By Lily Meek
13th June 2019

There's nothing more refreshing than a movie that completely blows all your expectations and prejudices out of the water. If I'm being completely honest, I was quite reluctant after a long Tuesday at work to watch a Korean documentary about a nomadic chef. It is not an exaggeration to say that no film has ever surprised me to the extent of 'The Wandering Chef' by Hye-Ryoung Park.

The documentary explores the journey of Korean celebrity chef Jiho Im. After finding out he was adopted at a young age, he sets out on a journey to find his biological mother. Learning about her death, he soon receives news that the mother who raised him has also passed. 'The Wandering Chef' is a story far beyond creative cooking. Honest and raw, Park reveals a story of humanity and vulnerability. Jiho Im lives two lives - one of the successful chef, and the other a man passionate for food and community. On his travels he meets Soon-Gyu Kim, an elderly woman. In exchange for wisdom, Im cooks for her and her husband. Park's story is a reflection on an unlikely human connection, depicting how relationships have the capability to restore creativity and resolve unanswered questions about ourselves.


There is something commendable about Jiho Im's courage. His vulnerability is a true portrayal of his gumption. He immerses you in the narrative of his life and cooking, making viewers a participant within his story. Witnessing the companionship in existence between Soon-Gyu and Jiho is a privilege. Soon-Gyu presents him with an avenue to feel safe and comfortable in a way that only a mother could do. She makes up for his lost time and provides resolution for something within him that was once broken. Soon-Gyu is a force to be reckoned with. If Im doesn't draw you in, then Kim certainly will. Cheeky, kind, and the embodiment of unconditional love, this little old lady really does epitomise the kind of old we all want to be. It is her presence that lies at the heart of the film, the rest is merely a dedication to her welcoming spirit. There are few films that I can recall that really grant you the access to witness something as special as this. If the relationship of these two doesn't have your heart singing, then the motivation to find yourself inspired by the film will.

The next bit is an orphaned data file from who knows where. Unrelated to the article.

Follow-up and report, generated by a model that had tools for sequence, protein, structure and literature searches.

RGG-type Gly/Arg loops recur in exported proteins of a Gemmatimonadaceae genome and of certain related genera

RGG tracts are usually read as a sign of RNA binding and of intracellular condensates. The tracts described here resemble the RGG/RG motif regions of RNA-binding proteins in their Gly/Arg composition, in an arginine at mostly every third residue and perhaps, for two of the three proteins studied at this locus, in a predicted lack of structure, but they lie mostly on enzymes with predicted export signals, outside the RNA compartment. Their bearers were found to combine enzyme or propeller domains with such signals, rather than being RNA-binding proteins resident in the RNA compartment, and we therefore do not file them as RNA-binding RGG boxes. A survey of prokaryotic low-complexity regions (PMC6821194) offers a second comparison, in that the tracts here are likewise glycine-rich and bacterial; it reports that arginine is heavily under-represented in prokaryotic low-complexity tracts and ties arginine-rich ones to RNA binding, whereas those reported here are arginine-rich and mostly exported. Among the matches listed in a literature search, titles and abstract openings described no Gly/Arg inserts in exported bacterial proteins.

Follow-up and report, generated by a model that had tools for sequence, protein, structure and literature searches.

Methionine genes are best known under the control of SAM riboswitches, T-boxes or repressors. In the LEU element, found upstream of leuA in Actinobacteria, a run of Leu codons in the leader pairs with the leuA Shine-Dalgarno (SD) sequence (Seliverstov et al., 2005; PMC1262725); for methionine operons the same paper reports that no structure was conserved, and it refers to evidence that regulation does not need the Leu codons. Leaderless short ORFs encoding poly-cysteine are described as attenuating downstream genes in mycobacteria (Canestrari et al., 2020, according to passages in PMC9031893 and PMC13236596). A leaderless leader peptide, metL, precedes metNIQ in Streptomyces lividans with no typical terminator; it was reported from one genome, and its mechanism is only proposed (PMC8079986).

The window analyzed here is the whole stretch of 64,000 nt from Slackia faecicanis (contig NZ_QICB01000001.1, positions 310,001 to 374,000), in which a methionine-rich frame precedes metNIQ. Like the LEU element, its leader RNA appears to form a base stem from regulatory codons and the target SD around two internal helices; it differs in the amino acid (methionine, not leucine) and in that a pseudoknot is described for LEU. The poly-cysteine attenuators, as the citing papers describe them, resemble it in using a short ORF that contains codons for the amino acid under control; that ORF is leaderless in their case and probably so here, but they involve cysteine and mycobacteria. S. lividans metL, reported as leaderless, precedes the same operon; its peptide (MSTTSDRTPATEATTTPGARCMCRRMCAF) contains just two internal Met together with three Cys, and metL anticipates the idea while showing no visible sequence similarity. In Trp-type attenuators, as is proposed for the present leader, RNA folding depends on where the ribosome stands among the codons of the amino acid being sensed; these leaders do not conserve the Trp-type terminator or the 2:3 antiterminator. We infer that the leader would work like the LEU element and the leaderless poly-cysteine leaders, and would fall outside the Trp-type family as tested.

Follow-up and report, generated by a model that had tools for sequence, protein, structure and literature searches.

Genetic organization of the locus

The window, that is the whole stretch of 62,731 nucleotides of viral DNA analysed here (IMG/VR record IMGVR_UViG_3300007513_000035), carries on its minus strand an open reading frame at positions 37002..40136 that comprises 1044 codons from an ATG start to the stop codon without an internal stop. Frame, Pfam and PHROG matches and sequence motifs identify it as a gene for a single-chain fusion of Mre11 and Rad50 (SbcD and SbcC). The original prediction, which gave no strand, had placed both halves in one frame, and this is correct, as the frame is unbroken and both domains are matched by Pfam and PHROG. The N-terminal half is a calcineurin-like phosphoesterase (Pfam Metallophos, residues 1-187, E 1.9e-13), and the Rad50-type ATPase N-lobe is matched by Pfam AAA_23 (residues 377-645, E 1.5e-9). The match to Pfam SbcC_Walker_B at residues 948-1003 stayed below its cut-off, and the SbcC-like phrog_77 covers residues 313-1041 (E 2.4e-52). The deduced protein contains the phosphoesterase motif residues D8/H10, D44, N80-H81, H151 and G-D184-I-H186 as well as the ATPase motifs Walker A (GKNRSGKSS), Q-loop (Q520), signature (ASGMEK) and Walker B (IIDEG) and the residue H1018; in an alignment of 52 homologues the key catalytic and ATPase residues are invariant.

The standout of this film is its ability to reflect back inherit values we wish we possessed, especially in times of trial.

A little amateur at times in light of the cinematography and sound, this all becomes nothing short of charming in light of the film’s story. 'The Wandering Chef' is the perfect example of how a strong and gratifying narrative can leave technicalities and logistics in the dust. People crave real-life examples of overcoming struggle and suffering, to help us to overcome our own challenges. Im's story is one of honesty, relatability and discovery. It's a display of human trials and how to overcome obstacles with humility and grace. The standout of this film is its ability to reflect back inherit values we wish we possessed, especially in times of trial. Its greatest asset is the life lessons it teaches.

Looking for more Sydney Film Festival reviews? Click here to check out our collection of this year's highlights.
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